The Euro Crisis: How Much Worse Can It Get?

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Tony Gentile / Reuters

A man walks past a shop with signs reading, "for rent" in downtown Rome July 13, 2011

With the euro staggering from one crisis to the next, the 17 euro-zone nations are facing some tough questions, but the most pressing one this week seemed to be about scheduling: is it serious enough to warrant an emergency summit meeting? Plans for a Friday gathering in Brussels were hastily rolled out on Tuesday, but when German Chancellor Angela Merkel nixed them the next day, they were just as sharply postponed. If the euro zone's leaders can't even agree when to meet, what hope is there for the euro itself?

With every passing day bringing ever-worse news, the leaders will doubtless be wondering how bad it can get. You could say that crisis management is the euro zone's current default mode — if the word "default" was not such a loaded term when it comes to the debts of certain embattled members of Europe's single currency.

Just two weeks ago, Greece narrowly passed an austerity law aimed at securing key funding and buying precious time for the embattled euro zone, which is still struggling to put together a second Greek bailout package. Yet the respite lasted only a brief moment before the euro once again tumbled into a downward spiral that shows no sign of recovering.

On Wednesday, credit-ratings agency Moody's downgraded Irish government debt to junk status, following similar downgrades for Portugal last week and Greece last year. Thanks to the growth-choking austerity demands of their bailouts, none of the three countries are expected to see a quick turnaround in their fortunes. According to analysis by Citigroup banking group, Greece's ratio of gross debt to output will have risen to 180% by 2014, while Ireland's will grow to 145% and Portugal's 135%.

And as much as it dominates the debate, leaving the euro zone is not an easy option. Daniel Gros, director of the Centre for European Policy Studies, a Brussels-based think tank, says that Athens might ultimately require more than €400 billion ($565 billion) in official support — almost 200% of its GDP today. But if Greece were forced to abandon the euro after a messy default, its nominal GDP would likely be halved. "In that case, the Greek government's debt to its euro-zone partners would be equivalent to 400% of its GDP, very little of which would be repaid," he says. On July 11, euro zone finance ministers all but conceded that Greece is likely to default as they tried to agree a scheme to encourage private and public sector bond-holders to swap existing Greek bonds for new, longer-maturing bonds, thereby giving the country more time to pay them back.

But the Greek default they are hoping to head off is just part of the crisis that is threatening to contaminate other euro-zone members. Borrowing costs have soared for Italy and Spain — respectively the third and fourth largest economies in the euro zone — despite hasty pledges from their finance ministers to take further debt-cutting measures.

Italy and Spain insist that they are secure, but their economies are increasingly seen by markets as the next in a line of dominos: yields on both of their 10-year bonds are now hovering around 6%, meaning the interest rates on their debts are twice as high as those on Germany's. They are nearing the unaffordable levels that could trigger talk of default. Despite this, Spain's Finance Minister Elena Salgado insisted on Monday that Italy and Spain have "strong economies" and that there is no logic to them being affected by market instability.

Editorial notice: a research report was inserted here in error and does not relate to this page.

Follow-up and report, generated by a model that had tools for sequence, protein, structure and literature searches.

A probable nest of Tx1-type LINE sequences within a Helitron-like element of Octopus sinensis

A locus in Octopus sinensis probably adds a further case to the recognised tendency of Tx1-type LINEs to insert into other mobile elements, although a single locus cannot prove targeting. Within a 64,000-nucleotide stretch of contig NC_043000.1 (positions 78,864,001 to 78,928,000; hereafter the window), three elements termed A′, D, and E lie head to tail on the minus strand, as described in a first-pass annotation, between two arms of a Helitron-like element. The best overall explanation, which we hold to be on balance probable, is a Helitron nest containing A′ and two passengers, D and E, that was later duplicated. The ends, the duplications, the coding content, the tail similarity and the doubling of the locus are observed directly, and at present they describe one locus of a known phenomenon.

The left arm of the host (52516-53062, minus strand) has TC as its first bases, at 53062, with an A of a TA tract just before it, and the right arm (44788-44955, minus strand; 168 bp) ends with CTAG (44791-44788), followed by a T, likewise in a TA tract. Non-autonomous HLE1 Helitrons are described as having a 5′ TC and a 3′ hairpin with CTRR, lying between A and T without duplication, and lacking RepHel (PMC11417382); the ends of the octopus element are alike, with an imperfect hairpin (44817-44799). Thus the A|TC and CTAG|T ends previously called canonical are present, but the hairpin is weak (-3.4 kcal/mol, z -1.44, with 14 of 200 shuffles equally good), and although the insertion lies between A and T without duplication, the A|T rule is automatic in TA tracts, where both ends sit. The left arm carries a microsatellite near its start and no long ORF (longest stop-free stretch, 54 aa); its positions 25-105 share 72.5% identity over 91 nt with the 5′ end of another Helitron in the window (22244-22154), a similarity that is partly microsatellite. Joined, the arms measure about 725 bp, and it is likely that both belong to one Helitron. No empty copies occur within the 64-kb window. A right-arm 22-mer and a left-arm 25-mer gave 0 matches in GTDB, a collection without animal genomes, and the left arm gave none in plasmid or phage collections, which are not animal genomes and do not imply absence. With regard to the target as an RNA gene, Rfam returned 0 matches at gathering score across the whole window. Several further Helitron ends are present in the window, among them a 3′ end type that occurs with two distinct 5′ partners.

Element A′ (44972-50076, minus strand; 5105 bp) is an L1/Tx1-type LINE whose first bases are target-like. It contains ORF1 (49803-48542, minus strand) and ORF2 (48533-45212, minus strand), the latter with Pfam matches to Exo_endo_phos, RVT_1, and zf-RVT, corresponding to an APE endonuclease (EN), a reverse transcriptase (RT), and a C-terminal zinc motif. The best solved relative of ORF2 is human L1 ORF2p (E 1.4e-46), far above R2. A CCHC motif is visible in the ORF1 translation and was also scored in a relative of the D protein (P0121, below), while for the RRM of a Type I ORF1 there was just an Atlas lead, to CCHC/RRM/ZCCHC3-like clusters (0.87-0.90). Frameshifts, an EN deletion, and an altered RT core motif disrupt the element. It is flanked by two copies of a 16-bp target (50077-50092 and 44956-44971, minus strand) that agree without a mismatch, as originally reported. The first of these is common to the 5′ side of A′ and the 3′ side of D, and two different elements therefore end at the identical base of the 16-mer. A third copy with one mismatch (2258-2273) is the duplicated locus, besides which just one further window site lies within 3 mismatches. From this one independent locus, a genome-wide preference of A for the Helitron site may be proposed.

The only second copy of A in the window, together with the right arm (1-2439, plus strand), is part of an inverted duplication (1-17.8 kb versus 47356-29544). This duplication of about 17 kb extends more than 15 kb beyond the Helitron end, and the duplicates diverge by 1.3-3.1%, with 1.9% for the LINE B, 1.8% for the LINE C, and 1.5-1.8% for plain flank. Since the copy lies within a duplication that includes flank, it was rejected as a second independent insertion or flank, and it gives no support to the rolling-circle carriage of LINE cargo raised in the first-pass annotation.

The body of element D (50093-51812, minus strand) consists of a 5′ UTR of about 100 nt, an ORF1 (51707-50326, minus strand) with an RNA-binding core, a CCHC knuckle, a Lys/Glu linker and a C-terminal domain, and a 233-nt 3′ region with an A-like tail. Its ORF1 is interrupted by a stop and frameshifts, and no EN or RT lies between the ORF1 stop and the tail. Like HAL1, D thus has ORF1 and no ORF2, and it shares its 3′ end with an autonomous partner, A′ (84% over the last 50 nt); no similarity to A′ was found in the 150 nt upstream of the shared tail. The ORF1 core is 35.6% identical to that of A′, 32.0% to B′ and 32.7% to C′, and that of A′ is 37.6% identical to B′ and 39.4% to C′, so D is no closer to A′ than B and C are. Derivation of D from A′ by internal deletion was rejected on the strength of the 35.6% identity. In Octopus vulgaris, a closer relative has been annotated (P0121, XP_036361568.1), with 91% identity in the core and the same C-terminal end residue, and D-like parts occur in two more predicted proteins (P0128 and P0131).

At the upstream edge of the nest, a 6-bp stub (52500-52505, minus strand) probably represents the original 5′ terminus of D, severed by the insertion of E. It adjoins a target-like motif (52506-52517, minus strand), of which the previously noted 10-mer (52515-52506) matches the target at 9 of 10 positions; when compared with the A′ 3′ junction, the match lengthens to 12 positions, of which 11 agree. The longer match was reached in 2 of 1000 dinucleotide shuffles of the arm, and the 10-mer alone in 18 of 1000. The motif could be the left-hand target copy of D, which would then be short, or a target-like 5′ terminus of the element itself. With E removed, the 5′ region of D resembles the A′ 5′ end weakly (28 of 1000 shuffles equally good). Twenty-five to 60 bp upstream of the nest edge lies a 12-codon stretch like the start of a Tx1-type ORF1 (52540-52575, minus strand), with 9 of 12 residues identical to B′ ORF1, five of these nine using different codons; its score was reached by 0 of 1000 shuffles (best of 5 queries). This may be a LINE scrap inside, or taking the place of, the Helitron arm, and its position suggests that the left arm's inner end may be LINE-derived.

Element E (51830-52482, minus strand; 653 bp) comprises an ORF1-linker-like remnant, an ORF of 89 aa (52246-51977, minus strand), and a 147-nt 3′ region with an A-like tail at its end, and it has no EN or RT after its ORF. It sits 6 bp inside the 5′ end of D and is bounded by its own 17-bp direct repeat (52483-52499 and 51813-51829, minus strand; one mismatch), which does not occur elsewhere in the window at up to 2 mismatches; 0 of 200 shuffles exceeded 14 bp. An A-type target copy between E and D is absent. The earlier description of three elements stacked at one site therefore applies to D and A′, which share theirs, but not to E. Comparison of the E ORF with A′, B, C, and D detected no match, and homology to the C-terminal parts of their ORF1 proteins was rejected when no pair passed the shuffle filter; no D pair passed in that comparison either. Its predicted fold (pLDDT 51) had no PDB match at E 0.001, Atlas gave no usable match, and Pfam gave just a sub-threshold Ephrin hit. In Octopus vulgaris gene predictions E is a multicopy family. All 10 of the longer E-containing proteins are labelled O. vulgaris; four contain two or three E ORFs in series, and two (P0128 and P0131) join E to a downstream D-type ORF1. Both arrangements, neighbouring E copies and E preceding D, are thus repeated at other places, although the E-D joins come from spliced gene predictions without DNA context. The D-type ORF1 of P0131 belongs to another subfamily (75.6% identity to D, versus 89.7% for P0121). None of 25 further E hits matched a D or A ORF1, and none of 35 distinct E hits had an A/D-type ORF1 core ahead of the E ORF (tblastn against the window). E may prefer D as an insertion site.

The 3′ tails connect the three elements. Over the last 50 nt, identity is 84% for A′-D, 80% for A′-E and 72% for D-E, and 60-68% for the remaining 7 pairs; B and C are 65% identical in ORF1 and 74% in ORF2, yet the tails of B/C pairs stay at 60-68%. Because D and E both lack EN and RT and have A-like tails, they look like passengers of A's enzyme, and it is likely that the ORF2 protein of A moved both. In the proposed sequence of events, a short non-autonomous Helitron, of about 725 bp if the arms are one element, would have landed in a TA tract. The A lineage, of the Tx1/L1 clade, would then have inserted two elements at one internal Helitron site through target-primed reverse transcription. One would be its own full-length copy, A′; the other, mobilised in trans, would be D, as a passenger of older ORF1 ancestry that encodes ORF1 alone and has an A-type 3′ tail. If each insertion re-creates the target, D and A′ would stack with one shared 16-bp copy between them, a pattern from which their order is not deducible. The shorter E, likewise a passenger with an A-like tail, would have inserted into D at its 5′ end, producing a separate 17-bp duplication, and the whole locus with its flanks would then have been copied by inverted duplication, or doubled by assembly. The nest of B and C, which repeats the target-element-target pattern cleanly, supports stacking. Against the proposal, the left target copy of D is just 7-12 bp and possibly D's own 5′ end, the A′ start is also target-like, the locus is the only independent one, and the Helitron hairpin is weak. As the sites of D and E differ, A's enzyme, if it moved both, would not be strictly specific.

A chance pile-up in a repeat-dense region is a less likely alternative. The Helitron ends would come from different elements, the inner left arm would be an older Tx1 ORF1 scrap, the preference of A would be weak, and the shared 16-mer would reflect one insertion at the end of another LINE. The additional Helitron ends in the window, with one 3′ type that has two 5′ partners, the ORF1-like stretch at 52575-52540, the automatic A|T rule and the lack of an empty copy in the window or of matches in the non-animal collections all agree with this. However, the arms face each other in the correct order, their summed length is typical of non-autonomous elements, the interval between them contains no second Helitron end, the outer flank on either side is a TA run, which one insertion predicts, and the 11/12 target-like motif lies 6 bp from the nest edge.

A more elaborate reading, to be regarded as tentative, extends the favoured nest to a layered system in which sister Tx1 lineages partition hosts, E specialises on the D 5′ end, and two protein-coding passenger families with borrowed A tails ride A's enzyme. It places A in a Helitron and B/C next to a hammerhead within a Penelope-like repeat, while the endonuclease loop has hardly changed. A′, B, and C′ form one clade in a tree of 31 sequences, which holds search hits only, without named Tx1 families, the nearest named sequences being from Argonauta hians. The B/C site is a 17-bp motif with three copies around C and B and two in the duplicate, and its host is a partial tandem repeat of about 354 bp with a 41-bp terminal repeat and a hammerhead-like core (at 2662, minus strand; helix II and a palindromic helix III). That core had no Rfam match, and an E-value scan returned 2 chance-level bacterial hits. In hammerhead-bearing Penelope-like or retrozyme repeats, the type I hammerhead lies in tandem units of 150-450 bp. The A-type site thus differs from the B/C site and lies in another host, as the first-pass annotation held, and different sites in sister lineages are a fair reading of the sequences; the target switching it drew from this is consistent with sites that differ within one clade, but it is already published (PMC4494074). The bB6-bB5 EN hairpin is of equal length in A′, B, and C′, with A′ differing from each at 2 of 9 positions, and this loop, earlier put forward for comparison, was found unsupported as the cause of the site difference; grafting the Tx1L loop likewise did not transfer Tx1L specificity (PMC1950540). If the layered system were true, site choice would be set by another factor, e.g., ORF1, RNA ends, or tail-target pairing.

The case of Italy is particularly worrisome for the euro zone: the country is a founding member of the European Union, a member of the G-8 and, by most accounts, the world's eighth biggest economy. Italian officials point to their large, diversified economy and their high savings rate as reasons to dismiss the market jitters. But not only does the country have a debt-to-GDP ratio of 120%, economic growth is anemic: In the first quarter of this year it was just 0.1%, well below the euro zone average of 0.8%. That helps explain why the odds are shortening on Italy being the next European economy to receive a bailout — literally: Irish bookmaker Paddy Power says Italy is now odds-on to be bailed out by the end of this year, along with Spain.

The concerns are echoed by heavyweight financial institutions like the Royal Bank of Scotland (RBS), which is also critical of vacillation by Europe's politicians. "We expect the crisis to continue deteriorating and threaten the entire euro area as European policy makers still misunderstand market dynamics," RBS said in a July 13 briefing note. The bank is urging leaders to almost triple the €750 billion ($1.06 trillion) euro-zone bailout fund to some €2 trillion ($2.8 trillion). "A euro-wide policy response is required to address powerful contagion channels which are threatening the stability of the whole region," it says.

Such a response could mean the euro zone shifting towards fiscal unity. The bailout fund, set up in May 2010, is run under unanimity rules but is paralyzed by political interference, according to Paul De Grauwe, professor of international economics at Leuven University in Belgium. "Each euro-zone member has a veto on the fund," De Grauwe says. "Can you imagine individual IMF members having veto power on its decisions? To act decisively, the euro zone needs to accept some transfer of sovereignty, like the IMF."

But De Grauwe has doubts about whether the euro zone is ready for that step. "Our leaders have not been able to cope with this crisis," he says. Until now, Europe's leaders have navigated a tricky passage through a succession escalating crises. If they fail to take decisive action, they risk bringing the euro to its breaking point, De Grauwe warn: "This is a dangerous moment. One should be afraid for survival of the euro zone."